From the Scriptorium
The first week of Seminary passes much like it did last year. It is a lot of work, and it seems my brain is already softening under the weight of so many facts and historical figures, but honestly, I am loving it here. Something about being at the Temple, at Seminary, in graduate studies, and with my professors and classmates just thrills me. Contrary to being a drain, I am energized by being here. In fact, I wish I was taking the Mission class, too (though I know that would have been too much work).
What is it about graduate study, or theology, or being a minister that excites me so? Is it weird? Is this how Luther felt? How Chrysostom felt? How Augustine felt? Did they get giddy at the prospect of reading a new book, or composing a contrarian opinion or attending a class? Did they look forward to putting out theories, even being shown to be wrong? Did they hold their books close, like little friends or allies against the darkness? Did they listen to lectures with two minds: one the historian, one the faithful adherent asking "what does this mean for me" and "where do I lay myself alongside this?" How many voices did they hear in their heads?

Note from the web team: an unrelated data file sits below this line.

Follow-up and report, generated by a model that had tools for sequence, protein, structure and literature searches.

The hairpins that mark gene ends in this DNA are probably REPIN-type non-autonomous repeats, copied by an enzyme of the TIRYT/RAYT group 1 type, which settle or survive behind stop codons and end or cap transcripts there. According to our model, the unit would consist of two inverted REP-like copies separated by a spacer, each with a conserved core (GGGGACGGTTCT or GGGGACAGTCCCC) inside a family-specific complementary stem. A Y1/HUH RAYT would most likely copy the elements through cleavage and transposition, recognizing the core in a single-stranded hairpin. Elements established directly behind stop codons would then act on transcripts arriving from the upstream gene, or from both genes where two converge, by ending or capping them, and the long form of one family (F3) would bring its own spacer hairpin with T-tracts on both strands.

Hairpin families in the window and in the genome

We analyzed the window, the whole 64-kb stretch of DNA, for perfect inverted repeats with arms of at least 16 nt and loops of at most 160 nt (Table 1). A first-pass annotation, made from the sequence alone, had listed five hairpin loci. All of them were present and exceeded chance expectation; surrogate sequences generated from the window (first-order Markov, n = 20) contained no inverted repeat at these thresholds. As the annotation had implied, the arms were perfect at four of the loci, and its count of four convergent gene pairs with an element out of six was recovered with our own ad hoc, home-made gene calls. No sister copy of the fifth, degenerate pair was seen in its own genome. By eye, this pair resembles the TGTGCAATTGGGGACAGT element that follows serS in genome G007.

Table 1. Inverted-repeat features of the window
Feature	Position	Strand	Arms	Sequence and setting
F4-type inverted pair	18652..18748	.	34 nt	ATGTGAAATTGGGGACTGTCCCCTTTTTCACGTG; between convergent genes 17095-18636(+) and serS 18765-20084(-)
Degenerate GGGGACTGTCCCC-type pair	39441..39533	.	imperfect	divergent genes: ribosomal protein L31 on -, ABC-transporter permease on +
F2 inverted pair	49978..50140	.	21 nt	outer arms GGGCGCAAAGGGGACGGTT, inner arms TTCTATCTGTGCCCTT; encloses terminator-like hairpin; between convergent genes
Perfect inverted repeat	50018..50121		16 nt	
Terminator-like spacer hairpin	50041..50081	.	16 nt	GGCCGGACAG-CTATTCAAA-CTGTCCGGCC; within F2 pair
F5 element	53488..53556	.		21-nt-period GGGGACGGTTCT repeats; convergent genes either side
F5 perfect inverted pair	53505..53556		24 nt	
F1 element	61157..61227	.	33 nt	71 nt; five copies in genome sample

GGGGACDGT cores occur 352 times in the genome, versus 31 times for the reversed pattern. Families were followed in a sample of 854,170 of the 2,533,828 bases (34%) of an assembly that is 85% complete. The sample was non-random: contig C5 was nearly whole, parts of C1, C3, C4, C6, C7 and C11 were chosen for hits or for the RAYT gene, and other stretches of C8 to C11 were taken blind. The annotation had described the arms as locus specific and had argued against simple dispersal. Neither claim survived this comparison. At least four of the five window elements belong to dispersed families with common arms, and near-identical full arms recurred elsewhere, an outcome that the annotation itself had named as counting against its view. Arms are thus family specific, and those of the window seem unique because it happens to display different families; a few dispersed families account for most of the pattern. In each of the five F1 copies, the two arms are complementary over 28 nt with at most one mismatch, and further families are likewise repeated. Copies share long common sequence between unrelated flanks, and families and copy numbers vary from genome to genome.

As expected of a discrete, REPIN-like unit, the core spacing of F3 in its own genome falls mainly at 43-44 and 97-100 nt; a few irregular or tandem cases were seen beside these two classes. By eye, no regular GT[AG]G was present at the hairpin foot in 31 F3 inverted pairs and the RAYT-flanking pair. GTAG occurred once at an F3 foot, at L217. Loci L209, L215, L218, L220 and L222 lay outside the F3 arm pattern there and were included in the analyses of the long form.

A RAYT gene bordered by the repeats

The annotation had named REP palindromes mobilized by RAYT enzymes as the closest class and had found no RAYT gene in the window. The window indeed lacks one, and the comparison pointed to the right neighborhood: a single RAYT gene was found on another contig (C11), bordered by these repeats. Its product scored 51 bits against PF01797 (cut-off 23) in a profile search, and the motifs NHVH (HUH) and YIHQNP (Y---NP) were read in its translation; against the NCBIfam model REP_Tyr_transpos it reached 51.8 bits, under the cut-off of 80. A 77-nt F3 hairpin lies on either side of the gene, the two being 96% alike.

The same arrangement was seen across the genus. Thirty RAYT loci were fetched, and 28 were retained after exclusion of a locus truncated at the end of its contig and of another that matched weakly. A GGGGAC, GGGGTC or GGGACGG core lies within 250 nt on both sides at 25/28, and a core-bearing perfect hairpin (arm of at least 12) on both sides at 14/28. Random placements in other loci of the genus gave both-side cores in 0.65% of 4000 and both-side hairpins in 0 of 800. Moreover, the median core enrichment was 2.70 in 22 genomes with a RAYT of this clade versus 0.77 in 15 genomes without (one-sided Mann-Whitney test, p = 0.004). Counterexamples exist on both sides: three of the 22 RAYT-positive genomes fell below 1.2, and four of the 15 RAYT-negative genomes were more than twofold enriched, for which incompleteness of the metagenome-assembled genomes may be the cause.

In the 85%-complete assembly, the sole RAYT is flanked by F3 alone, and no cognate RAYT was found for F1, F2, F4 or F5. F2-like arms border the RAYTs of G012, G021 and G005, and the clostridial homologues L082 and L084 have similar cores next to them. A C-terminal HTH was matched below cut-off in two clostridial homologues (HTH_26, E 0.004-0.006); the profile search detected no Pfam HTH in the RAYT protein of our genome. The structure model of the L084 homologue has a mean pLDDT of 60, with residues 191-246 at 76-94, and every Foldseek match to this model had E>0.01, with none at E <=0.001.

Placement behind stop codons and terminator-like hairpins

It is almost enough to make me believe in reincarnation - that I was in several previous lives some scholarly monk poring over parchment and scribbling my notes dreaming of writing my own treatise, over and over again, never tiring of it. (I may have tired of the disease, drafty monasteries, and lack of dental hygiene, however.) I wonder if they'd let me wear a robe and hood to class?